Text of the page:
One hundred twenty-eight persons were randomized. Seven persons from the intervention and 5 from the control group dropped out due to: death (4), recurrent stroke (1), intervening comorbidity (4), program too difficult (1), did not like group assignment (1), or violence in community (1). No major adverse events occurred during or immediately after the sessions. The groups were similar on clinical and demographic variables (Table 1).
In the intervention group, there was a trend toward a significantly greater increase in Physical Health Component scores over time (group-by-time interaction; P=0.077). Significantly higher overall mean score (main effect of group) was also found for Physical Health Component scores in the intervention group compared with control (P=0.024). There were no group differences for the Mental Component Summary score (Table 2).
Although there were no group differences on functional status measures, the means for the 6-minute walk distance were significantly higher for the intervention group at 6 weeks and 3 months (Table 3). Resting heart rate increased in both groups from baseline to 6 weeks, but from 6 weeks to 3 months, it declined significantly in the intervention group but increased in the control group (Table 3). Motricity Index (strength) scores were not significantly different between groups.
This supervised walking program improved Physical Health quality of life compared with a massage program. This improvement may be attributed to improved endurance and self-efficacy for walking as a result of repeated practice. This is the only study, to our knowledge, using a single modality of aerobic training that has shown improvement in this aspect of quality of life in chronic stroke survivors. Cycling did not produce any differences in Physical Health Component (SF-36 measure) compared with strength and combined strength and aerobic training in a previous study.7 The walking program did not show a superior benefit on Mental Health quality of life. This may be because of improvement in the control group attributable to the attention paid to the subjects.
Consistent with the findings of Bateman et al,8 the groups did not differ on functional status (Barthel Index) after training. In their sample of brain-injured persons (including those with stroke), aerobic cycling did not alter functional status as measured by the Barthel Index despite improved exercise capacity, suggesting that improved exercise capacity may not provide additional benefit for performing basic activities such as dressing.8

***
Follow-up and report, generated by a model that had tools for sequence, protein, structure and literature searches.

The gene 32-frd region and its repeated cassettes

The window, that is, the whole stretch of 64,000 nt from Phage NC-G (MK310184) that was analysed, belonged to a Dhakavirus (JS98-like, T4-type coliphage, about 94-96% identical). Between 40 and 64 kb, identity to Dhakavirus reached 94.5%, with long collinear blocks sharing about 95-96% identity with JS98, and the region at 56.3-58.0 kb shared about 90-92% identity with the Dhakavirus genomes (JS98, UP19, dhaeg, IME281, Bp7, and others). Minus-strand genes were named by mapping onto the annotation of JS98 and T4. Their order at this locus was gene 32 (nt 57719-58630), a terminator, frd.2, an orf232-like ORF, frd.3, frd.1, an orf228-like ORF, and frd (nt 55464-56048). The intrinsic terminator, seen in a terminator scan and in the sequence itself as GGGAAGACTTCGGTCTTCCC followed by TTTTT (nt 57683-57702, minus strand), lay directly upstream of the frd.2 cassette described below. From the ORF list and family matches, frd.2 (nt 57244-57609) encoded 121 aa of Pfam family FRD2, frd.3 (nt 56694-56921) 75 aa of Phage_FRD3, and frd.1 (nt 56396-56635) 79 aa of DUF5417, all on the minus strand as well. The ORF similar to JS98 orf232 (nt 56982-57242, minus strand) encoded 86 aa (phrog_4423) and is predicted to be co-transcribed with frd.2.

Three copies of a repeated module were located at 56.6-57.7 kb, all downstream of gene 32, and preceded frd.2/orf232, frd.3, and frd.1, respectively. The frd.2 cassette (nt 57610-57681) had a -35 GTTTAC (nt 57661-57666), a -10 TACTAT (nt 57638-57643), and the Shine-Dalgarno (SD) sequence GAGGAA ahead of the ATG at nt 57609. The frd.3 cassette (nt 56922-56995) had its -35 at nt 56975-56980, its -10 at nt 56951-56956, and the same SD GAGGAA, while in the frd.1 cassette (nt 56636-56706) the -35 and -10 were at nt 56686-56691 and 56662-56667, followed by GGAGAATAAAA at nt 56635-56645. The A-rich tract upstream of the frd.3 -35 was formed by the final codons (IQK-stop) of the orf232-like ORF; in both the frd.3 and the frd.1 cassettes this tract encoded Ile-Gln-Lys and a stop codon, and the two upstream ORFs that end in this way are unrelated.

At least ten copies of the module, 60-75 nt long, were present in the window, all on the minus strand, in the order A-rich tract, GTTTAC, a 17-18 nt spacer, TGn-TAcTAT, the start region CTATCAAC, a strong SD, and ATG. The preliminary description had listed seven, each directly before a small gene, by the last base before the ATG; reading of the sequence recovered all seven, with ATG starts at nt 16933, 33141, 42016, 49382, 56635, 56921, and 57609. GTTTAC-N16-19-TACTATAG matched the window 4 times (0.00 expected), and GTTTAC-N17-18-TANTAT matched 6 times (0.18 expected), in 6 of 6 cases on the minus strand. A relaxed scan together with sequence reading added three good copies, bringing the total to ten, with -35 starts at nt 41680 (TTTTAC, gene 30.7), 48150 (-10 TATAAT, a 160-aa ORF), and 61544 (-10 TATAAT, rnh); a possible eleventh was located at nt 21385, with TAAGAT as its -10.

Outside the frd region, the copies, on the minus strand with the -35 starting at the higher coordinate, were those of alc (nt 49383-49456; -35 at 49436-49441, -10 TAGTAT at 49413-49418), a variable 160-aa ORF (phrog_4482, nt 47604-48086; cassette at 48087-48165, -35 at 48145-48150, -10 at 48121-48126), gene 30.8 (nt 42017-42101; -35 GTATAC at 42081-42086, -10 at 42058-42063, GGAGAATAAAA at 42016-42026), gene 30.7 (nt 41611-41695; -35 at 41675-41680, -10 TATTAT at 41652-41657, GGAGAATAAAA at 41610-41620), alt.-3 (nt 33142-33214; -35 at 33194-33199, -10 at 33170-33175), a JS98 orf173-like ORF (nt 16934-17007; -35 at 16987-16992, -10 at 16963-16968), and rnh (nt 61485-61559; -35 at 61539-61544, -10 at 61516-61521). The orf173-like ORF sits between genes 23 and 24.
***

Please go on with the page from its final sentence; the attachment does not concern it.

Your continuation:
Persons in the walking group improved in their endurance for walking over the 12 weeks of training. These findings were similar to others,9 who used treadmill training protocols, suggesting that overground walking used in the present study may be just as effective as treadmill walking. If persons are able to increase their ability to walk longer distances and to do so quicker, these have implications for their functional ambulation in the community. The lower resting heart rate in the walking group after training may be suggesting a cardiovascular training effect of overground walking.
The program could be considered labor intensive because training was done one-on-one. However, given the simplicity of the intervention (requiring no special equipment), over time, caregivers, including family members, could take over the supervision to improve its cost effectiveness.
The study subjects were those whose stroke occurred 6 to 24 months before the study and could walk independently. The results cannot be extended to those more severely affected. Because subject recruitment was slower than anticipated, oversampling was not achieved. Attrition may have reduced the power to detect significant group differences on some outcomes.
Brisk overground walking could be incorporated into comprehensive, community-based exercise programs aimed at encouraging regular physical activity and improving overall health of moderately impaired community-dwelling persons with chronic stroke.
Sources of Funding
The study was funded by the Caribbean Health Research Council, the Epidemiology Research Unit (ERU), and Graduate Studies and Research, the University of the West Indies, Mona. The director of the ERU was part of the supervisory committee of the project and assisted with clinical examination of the subjects.
The online-only Data Supplement is available with this article at http://stroke.ahajournals.org/lookup/suppl/doi:10.1161/STROKEAHA.111.000642/-/DC1.
- Received December 31, 2012.
- Accepted January 22, 2013.
- © 2013 American Heart Association, Inc.